But if i remember right the bactira didn't increase in number, showing that it couldn't advance or evolve over the long term



posted on Nov, 1 2004 @ 11:01 AM
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I wouldn't rule out the possibility of bacteria either, but I believe that feyd rautha was asking about humans or a similar creature.



posted on Nov, 1 2004 @ 11:19 AM
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yeah look what happened back in the 80's
it's bound to be true!
www.80scartoons.net...



posted on Nov, 1 2004 @ 11:29 AM
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personly im not looking to see any gray guy come walking up saying high from alpha cantary.
on the other hand Im looking very very closly at mars wishing they would send the right equment theres little dought in my mind that theres life of some kind there even if only bacteria.
There mite very well be millions of plaents with intellegent life on them but there also probly billions of planest with just lower life forms even if only bacteria.
so in my book barring the luck of finding a crashed UFO in your back yard or et wanting to borrow your phone .Id say the chances of finding lower life forms are much better .And they dont try to hid from you eather.



posted on Nov, 1 2004 @ 04:06 PM
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Originally posted by feyd rautha
i know there are nebulas out there in the universe consisting of gases. so my question or theory is: is it possible that lifeforms can exist without a planet? are there regions in space filled enough with oxygen so that a lifeform(human) could breath in space? in my theory there could be rocks in such a place like islands and lifeforms would travel between this rocks. or lifeforms would live in space entirely feeding from sunlight water or related lifeforms.

Regions in space filled with oxygon? Then it wouldnt be space by definition, would it?


At any rate, there IS a phenomena that is highly... suspect... regarding life in space. Astronauts film these round "discs" (as in not UFO's) that shimmer and have a darker cut and an a dark hole in the center of them. There are even photos of it here on earth too I think (remember seeing one). Cant remember any good link that goes through it though, try searching.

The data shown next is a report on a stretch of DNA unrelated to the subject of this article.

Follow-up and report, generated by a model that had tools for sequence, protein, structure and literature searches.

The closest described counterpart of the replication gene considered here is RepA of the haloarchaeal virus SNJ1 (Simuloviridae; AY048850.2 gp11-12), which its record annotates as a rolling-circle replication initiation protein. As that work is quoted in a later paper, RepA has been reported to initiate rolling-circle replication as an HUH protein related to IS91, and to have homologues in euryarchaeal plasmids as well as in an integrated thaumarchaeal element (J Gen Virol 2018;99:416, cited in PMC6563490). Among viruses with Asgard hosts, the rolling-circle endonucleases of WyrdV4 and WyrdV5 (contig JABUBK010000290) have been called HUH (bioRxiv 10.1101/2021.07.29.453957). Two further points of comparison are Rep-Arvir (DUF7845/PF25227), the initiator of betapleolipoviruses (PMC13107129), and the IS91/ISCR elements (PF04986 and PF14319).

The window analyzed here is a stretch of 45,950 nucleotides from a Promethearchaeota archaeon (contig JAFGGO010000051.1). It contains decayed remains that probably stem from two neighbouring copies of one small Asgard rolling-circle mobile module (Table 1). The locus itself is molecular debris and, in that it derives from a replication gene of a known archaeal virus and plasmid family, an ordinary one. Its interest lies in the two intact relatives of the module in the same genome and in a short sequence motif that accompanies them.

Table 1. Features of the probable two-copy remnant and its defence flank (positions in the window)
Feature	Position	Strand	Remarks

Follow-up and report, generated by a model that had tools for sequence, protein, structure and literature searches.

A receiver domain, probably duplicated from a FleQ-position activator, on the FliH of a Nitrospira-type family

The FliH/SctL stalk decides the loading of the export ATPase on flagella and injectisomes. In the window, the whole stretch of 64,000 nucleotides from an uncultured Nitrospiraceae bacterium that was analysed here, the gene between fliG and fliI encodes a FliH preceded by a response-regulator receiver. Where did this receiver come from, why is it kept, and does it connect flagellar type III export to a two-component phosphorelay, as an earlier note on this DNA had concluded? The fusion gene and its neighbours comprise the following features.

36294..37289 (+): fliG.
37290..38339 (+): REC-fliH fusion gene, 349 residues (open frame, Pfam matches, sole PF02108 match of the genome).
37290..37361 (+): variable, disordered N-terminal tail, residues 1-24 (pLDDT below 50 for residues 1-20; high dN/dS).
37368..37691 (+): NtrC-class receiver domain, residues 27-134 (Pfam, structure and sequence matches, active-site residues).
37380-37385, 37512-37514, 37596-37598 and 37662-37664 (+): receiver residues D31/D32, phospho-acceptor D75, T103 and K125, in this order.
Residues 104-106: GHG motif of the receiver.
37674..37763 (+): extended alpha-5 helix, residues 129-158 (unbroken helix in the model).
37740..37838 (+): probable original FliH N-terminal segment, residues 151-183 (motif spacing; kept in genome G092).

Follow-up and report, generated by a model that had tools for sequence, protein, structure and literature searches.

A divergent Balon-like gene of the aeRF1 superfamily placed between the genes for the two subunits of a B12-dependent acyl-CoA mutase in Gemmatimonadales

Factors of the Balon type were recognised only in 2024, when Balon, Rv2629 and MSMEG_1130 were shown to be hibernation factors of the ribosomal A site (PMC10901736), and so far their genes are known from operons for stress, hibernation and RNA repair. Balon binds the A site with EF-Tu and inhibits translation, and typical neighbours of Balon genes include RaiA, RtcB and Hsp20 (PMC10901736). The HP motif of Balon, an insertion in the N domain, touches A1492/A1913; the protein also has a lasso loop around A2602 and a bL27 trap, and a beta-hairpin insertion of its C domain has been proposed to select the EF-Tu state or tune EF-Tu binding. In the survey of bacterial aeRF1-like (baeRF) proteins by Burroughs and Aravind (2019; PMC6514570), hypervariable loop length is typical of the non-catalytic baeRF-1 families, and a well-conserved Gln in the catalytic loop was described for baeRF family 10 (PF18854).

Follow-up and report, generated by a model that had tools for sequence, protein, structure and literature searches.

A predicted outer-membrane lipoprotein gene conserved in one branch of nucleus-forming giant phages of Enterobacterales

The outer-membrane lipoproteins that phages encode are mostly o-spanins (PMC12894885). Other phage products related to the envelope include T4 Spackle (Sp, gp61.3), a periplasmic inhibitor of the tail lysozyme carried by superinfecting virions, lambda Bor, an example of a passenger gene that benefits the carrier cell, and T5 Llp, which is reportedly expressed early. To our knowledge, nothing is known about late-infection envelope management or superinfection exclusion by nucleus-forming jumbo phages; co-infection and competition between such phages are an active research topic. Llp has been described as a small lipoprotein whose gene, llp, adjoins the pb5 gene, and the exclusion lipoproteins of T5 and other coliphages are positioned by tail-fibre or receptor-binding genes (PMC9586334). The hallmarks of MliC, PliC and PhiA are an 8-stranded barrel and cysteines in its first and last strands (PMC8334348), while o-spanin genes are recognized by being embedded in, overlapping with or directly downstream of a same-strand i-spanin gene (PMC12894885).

posted on Nov, 1 2004 @ 04:24 PM
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no i have not read the book from niven, the idea came when i watched pictures of nebulas. and yes i meant something like human live breathing in space but thinking further those gasclouds or nebulas are probably not dense enought to support the needed amount of oxygen. probably there is no way of knowing this for us now???

to state it more clear i didnt mean a dysonsphere neither, i thought of a natural developed region of space.

thinking further i remember the ideas of inhabitated trees in space from dan simmons impressive book hyperion though.
:

another idea is a cloud of water dense enought to contain life(like the sea but massive and floating in space). i have for sure not read about that idea before
.

@merka
sounds interessting but how should i google your vague description? are there photos of it?



[edit on 1-11-2004 by feyd rautha]

[edit on 1-11-2004 by feyd rautha]



posted on Nov, 2 2004 @ 05:57 AM
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For any lifeform to exist in the "emptyness" of space, I think it would probably have to "breath" or "eat" radiation, seeing at this to my very limited knowledge is the most abundant "stuff" in space? Although I'm not sure how this would be possible? Also I'm not sure how such a lifeform could cope with gravitational changes as it nears a planet / comet / star / whatever? If it evolved in an area where there were little gravitational forces, then everytime it got near a planet with above normal forces it would perish?